On the 8th of April, 1864, the joint resolution proposing this amendment for the ratification of the state legislatures (three-fourths being necessary to give it effect) was passed in the Senate, bv a vote of 38 to 6. It was taken up in the House on the 31st of May, and discussed with much earnestness during the following two weeks. The vote was taken on the 15th of June, and resulted in ayes 93, nays 65. Less than two-thirds being in favor of the joint resolution, it failed to pass the House, and the matter went over to the next session.

On the 13th of June, a bill was passed by the House to repeal the odious fugitive slave law. The vote was 82 to 58. Two days later it was introduced into the Senate and referred to the committee on slavery and freedmen. A vote was reached on the 23d of June, and the bill received 27 ayes to 12 nays.

The question of state reconstruction,

as the states in rebellion might be

brought under the national authority,

was much discussed in Congress, and

the views of the majority in both Houses

were finally expressed in the passage of voi,. iv.—

a bill on this subject, on the last day of the session. This bill provided that the president should appoint, for each of the states declared in rebellion, a provisional governor, who should be charged with the civil administration of the state until a state government should be organized, and such other civil officers as were necessary for the civil administration of the state; that as soon as military resistance to the United States should be put down, and the people had sufficiently returned to their obedience, the government should make an enrollment of the white male citizens, specifying which of them had taken the oath to support the Constitution of the United States, and if those who had taken it were a majority of the persons enrolled, he should order an election for delegates to a constitutional convention, to be elected by the loyal white male citizens of the United States, aged twenty-one years, and resident in the district for which they voted, or absent in the Army of the United States, and who had taken the oath of allegiance prescribed by the act of Congress, July 2d, 1862; that this convention should declare, on behalf of the people of the state, their submission to the Constitution and laws of the United States, and adopt the following provisions, prescribed by Congress in the execution of its constitutional duty to guarantee to every state a republican form of government, viz :—" First—No person who has held or exercised any office, civil or military, except offices ministerial, and military offices below the grade of colonel, state or confederate, under the usurping power, shall vote for or be a member of the legislature or governor. Second—Involuntary servitude is forever prohibited, and the freedom of all persons is guaranteed in said state. Third—No debt, state or confederate, created by or under the sanction of the usurping power, shall be recognized or paid by the state."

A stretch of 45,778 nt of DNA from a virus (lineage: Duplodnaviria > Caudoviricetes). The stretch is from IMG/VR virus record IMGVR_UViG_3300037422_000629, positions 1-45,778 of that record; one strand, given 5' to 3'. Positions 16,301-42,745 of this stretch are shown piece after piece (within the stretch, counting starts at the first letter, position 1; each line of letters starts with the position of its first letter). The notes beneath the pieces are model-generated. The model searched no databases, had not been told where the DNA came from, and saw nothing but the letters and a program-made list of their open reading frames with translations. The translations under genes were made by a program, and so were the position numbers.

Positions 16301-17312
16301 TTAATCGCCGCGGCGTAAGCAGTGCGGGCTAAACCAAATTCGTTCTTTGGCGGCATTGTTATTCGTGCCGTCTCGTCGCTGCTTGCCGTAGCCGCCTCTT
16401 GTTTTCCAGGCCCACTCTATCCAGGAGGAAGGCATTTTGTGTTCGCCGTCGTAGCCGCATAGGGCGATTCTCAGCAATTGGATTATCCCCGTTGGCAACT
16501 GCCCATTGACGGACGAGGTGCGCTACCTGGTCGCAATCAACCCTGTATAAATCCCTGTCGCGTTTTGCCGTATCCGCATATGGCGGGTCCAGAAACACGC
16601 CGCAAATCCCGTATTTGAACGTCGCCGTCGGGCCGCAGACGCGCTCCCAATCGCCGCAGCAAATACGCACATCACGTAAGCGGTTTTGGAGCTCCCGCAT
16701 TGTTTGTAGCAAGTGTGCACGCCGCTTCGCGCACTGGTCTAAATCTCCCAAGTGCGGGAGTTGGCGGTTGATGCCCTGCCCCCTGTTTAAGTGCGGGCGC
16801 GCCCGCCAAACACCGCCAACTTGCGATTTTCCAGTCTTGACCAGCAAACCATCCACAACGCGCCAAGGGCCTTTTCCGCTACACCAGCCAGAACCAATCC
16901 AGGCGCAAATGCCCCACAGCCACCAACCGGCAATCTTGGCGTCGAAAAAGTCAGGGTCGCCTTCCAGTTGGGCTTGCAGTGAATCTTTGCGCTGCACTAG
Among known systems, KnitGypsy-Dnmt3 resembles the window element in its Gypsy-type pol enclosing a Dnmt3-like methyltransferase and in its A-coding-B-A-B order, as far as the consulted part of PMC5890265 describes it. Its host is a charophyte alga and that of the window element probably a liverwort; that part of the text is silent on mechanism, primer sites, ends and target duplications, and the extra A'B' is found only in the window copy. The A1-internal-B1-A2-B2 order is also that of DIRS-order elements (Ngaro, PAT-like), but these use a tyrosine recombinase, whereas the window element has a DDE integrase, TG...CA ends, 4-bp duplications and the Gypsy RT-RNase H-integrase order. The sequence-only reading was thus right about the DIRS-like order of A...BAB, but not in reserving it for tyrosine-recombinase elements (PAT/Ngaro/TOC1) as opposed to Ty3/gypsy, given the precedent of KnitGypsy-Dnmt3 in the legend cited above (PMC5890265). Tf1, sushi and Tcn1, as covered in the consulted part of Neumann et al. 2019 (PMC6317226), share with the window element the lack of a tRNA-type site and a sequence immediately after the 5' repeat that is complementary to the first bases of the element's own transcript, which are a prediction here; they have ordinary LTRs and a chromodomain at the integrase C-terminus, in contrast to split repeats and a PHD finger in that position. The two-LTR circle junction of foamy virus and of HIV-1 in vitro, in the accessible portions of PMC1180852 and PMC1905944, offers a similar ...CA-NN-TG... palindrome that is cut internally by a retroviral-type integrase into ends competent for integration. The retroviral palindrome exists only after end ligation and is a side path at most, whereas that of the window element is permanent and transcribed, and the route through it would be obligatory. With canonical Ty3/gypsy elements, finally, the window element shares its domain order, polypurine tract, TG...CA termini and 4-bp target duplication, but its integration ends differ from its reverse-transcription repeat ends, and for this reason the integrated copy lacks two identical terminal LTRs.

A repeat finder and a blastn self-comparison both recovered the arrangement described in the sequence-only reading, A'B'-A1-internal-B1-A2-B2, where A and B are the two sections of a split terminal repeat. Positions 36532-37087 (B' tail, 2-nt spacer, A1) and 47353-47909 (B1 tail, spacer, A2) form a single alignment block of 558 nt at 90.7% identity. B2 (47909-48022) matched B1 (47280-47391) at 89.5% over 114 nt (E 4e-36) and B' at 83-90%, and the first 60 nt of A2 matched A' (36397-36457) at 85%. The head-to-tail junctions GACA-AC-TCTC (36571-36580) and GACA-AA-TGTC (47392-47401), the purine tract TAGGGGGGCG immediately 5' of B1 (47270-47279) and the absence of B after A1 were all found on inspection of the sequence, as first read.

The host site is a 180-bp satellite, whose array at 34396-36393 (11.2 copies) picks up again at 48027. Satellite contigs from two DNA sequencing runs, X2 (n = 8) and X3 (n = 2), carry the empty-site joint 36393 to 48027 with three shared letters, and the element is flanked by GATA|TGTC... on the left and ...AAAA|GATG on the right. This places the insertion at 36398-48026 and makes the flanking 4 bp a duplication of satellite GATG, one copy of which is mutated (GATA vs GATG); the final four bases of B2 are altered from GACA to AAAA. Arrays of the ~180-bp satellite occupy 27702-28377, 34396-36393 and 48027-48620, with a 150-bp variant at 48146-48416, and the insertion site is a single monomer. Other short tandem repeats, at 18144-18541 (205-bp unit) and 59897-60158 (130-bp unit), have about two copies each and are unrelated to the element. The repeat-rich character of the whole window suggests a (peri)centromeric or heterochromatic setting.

The bill further provided, that when a constitution was formed and adopted by the popular vote, the governor should certify the president of the fact, who, after obtaining the assent of Congress, should recognize the state government as established, and from that date senators and representatives, as well as electors for president and vicepresident, should be elected in the state. Further provisions were made in case any difficulty should occur in carrying out the measures above ordered, for the administration of the state government in the meantime, for the abolition of slavery, etc.

This bill, as passed by Congress, was received by the president just at its close, and as he did not affix his signature to it, it failed to become a law. Mr. Lincoln gave his reasons for not signing the bill in a proclamation issued on the 8th of July *

A few days before the adjournment of Congress a resolution was passed, requesting the president, in view of the state and condition of the country, to appoint a day to be observed throughout the land as a day of fasting, humiliation and prayer. The president accordingly appointed as such day, the first Thursday in August, which received at the people's hands its due and proper consideration.

* This proclamation of Mr. Lincoln .-.ailed forth as energetic protest, emanating from Senator Wade, chairman of the Senate Committee, and H. W. Daris, chairman of the House Committee. They held thai Mr. Lincoln had exceeded his powers and dealt unfai: ly and unhandsomely by the supporters of the admin istration. For the protest, see Appleton's "Amt\vxA Annual Cyciopadia" for 1864, pp. 307-310.